The Stewarts in front of their house. Notice the shiny windows; this family photo must have been an occasion. My great-grandfather Robert Parnell Stewart is second from left.
Great-great-grandmother Nancy Pilkington Stewart, children younger. This is probably the 1890s. Robert’s head above younger brother. The Pilkington line seems the source of this generation’s notable ears.
Two sisters, one brother; the theme is probably the three eldest.
Into the 1920s, gathered on the family farm.
Stewart Family information
Charles Harry Stewart (great-great grandfather) born April 2, 1840-died October 22, 1890, birthplace Argyle, New York, married in Centralia, Illinois, died in Evansville, Indiana, a workplace accident (jostled off a railcar full of gravel that was being backed up to dump it, Charles being rolled along under the train’s wheels, severe injuries to head and extremities).
Worked as railroad machinist on Louisville and Nashville line. Served in Company D, 11th regiment, Illinois volunteer cavalry, September 24, 1861 to September 30, 1865. Civil War veteran. Enlistment papers describe him as 5 foot 6 inches tall, blue eyes, black hair.
(Father James A. Stewart; Mother Laura Brown)
Nancy Ann Pilkington (great-great grandmother) born April 1, 1850 Knoxville, Tennessee, married July 31, 1867, Centralia, Illinois. Died March 10, 1925, Salem, Illinois.
(Father John Pilkington; Mother Nancy Martin)
Signed for widow’s pension with mark (illiterate).
Some Foster family photos from early times (at least the 1960s)
Me as a newborn
A family group, maybe taken Grandpa and Evelyn’s (Foster) in Mt. Vernon, Illinois
A family group outside our house on Shannon Avenue, Athens, Ohio. I may have been wearing my white Go-Go boots, (a coveted item).
My mother dressed up for some occasion, in the late 1960s.
My sister Tracy and me (Stephanie), dressed up for the same occasion. I remember this seafoam dress, that I loved, and for being the little sister, I felt like I got the best of the deal that time, not liking my sister’s party dress as well as my own.
Ed cat gets his daily walk, which amounts mostly to him sitting on the back stoop and sniffing the air, listening to the birds and squirrels. The daily routine is to take him out and afterwards fill the feeder, so when Ed appears, a lot of activity starts up among the birds, giving him a good show.
This is the ground feeder. Birds, chipmunks and squirrels too, like feeders that are placed to give them shelter, and many, cardinals and sparrows among them, have a strong preference for feeding on the ground. What the owls catch at night, I don’t know. Only some mice and flying squirrels are nocturnal among small rodent prey that I know of, but some days I find numbers of owl pellets like these.
In 1968 the Hocking River flooded in the city of Athens, Ohio. This is my mother paddling at the back of the canoe, me, my brother Tim, and my sister Tracy with the other paddle. We are not far outside our front door, a bit of one of two blue spruce trees that marked our house can be seen at the left.
This is the house I grew up in on South Shannon Avenue. In later years, when decks got to be fashionable, my Dad put one on the back, so there was a little more character. The house was pretty much just a box all round. By the way, this is an ordinary photo taken in the 70s, that as you can see has faded this badly. So, remember, if you have a box of old pictures, you should digitalize them as soon as possible.
I’ve been reading archived newspapers from 1979, a time in my life when I didn’t pay too much attention to world events. Now that I’m doing my bit for recorded history, I enjoy reminding myself, or educating myself, on vaguely remembered moments from the years I actually lived through. I came across a piece in the New York Times, that had Senator John Glenn being shown the facade of a Washington building, and told by his guide that there was more radiation emanated by the granite than was detectable in the air around Three Mile Island (the accident occurred March 28, 1979).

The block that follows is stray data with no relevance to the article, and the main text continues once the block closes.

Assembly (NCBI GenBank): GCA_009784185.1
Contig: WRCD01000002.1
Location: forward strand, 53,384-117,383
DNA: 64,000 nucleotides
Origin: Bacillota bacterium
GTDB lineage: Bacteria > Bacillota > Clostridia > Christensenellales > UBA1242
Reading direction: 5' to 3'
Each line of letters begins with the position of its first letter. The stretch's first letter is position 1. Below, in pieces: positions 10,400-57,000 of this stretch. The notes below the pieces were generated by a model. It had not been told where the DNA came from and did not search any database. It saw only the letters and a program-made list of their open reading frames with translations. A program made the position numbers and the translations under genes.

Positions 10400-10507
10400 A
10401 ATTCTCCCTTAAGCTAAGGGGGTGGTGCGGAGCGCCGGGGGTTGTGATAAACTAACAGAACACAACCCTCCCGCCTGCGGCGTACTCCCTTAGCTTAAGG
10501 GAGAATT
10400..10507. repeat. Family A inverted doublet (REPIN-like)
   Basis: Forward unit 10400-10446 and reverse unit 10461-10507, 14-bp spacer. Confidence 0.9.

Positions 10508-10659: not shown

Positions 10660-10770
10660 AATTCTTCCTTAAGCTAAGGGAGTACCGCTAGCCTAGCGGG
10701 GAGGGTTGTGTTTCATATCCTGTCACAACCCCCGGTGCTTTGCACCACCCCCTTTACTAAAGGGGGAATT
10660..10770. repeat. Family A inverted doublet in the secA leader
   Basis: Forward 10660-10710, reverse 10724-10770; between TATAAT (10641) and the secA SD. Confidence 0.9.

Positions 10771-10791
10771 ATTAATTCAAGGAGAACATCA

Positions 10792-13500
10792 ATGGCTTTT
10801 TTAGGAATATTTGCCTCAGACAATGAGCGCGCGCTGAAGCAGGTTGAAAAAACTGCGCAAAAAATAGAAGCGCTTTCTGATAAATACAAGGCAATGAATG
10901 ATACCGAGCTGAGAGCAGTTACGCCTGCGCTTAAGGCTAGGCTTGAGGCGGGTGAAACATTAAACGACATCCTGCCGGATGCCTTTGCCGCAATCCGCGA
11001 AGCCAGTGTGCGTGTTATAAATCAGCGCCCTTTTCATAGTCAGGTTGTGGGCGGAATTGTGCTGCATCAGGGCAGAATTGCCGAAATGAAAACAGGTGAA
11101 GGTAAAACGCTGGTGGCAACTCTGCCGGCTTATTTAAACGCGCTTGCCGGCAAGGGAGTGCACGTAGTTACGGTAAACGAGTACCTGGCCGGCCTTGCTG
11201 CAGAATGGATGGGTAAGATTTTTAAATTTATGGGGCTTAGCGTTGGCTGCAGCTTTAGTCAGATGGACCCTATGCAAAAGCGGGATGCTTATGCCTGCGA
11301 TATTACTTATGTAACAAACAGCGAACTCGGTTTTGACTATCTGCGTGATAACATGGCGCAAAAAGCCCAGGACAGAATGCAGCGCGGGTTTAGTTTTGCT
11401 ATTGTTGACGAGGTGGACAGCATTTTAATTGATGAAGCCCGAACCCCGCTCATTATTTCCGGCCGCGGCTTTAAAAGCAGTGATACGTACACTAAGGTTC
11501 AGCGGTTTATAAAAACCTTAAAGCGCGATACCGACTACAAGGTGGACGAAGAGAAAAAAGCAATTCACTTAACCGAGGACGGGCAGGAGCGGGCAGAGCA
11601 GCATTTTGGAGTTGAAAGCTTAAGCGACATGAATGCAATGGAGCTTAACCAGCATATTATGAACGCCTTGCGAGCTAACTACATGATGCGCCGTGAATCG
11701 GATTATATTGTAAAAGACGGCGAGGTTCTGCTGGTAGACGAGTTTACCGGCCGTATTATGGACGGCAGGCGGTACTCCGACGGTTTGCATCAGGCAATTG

That made me curious about my favorite garden rock, above. I learned, doing a little research, that pink and red granites give off more than greys and blacks—a combination of radon gas and gamma rays, chiefly. Unfortunately, a Geiger counter won’t detect levels in granite reliably, if at all, due to ordinary background radiation in the environment. And the other machines, for non-professionals, are too expensive to buy. So I guess I’ll never know how powerful my pink rock is.
(If you have granite countertops, don’t worry. Here is a PDF from the Health Physics Society explaining more.)
Above, a thing you don’t see often, since birds of prey don’t walk on the ground. But they do rocket down from the treetops onto passing squirrels and rabbits. At night, I seem to have a lot of owl activity around my ground feeder as well, to judge by the number of pellets I find. I don’t know what comes out, whether it’s mice or flying squirrels…but whatever they are, they aren’t very wary. The owls seem to be picking them off constantly.
It is walled with the money we meant to have saved
And the pleasures for which we grieve.
The kind words unspoken, the promises broken,
And many a coveted boon,
Are stowed away there in that land somewhere—
The land of ‘Pretty Soon.’
There are uncut jewels of possible fame
Lying about in the dust,
And many a noble and lofty aim
Covered with mould and rust.
And oh this place, while it seems so near,
Is farther away than the moon;
Though our purpose is fair, yet we never get there—
To the ‘Land of ‘Pretty Soon.’
The road that leads to that mystic land
Is strewn with pitiful wrecks,
And the ships that have sailed for its shining strand
Bear skeletons on their decks.
It is farther at noon than it was at dawn,
And farther at night than at noon;
Oh let us beware of that land down there—
The land of ‘Pretty Soon.’
1899, ELLA WHEELER WILCOX
To ask why evil exists here below is to ask why a contingent being is not an absolute being, why man is not God.
From History of Jefferson County
A great deal of clothing was made of deerskin before the raising of cotton and flax. The first efforts to tan the hides were almost a failure. A new effort, however, was introduced, which was much better. This was, after removing the hair, the skins were thoroughly rubbed and dressed with brains. They were then stretched on stakes driven into the ground around a large hole, and the hole was filled with light and rotten wood, which was set on fire. The warmth caused the brains and oil to permeate the skins and the smoke gave them a beautiful color. Tanned in this way, they were said to be very soft and pliant, and were handsome.
An anecdote of Judge G. W. Wall, born in Chillicothe, Ohio, April 22, 1839, moved in infancy to Perry County, Illinois.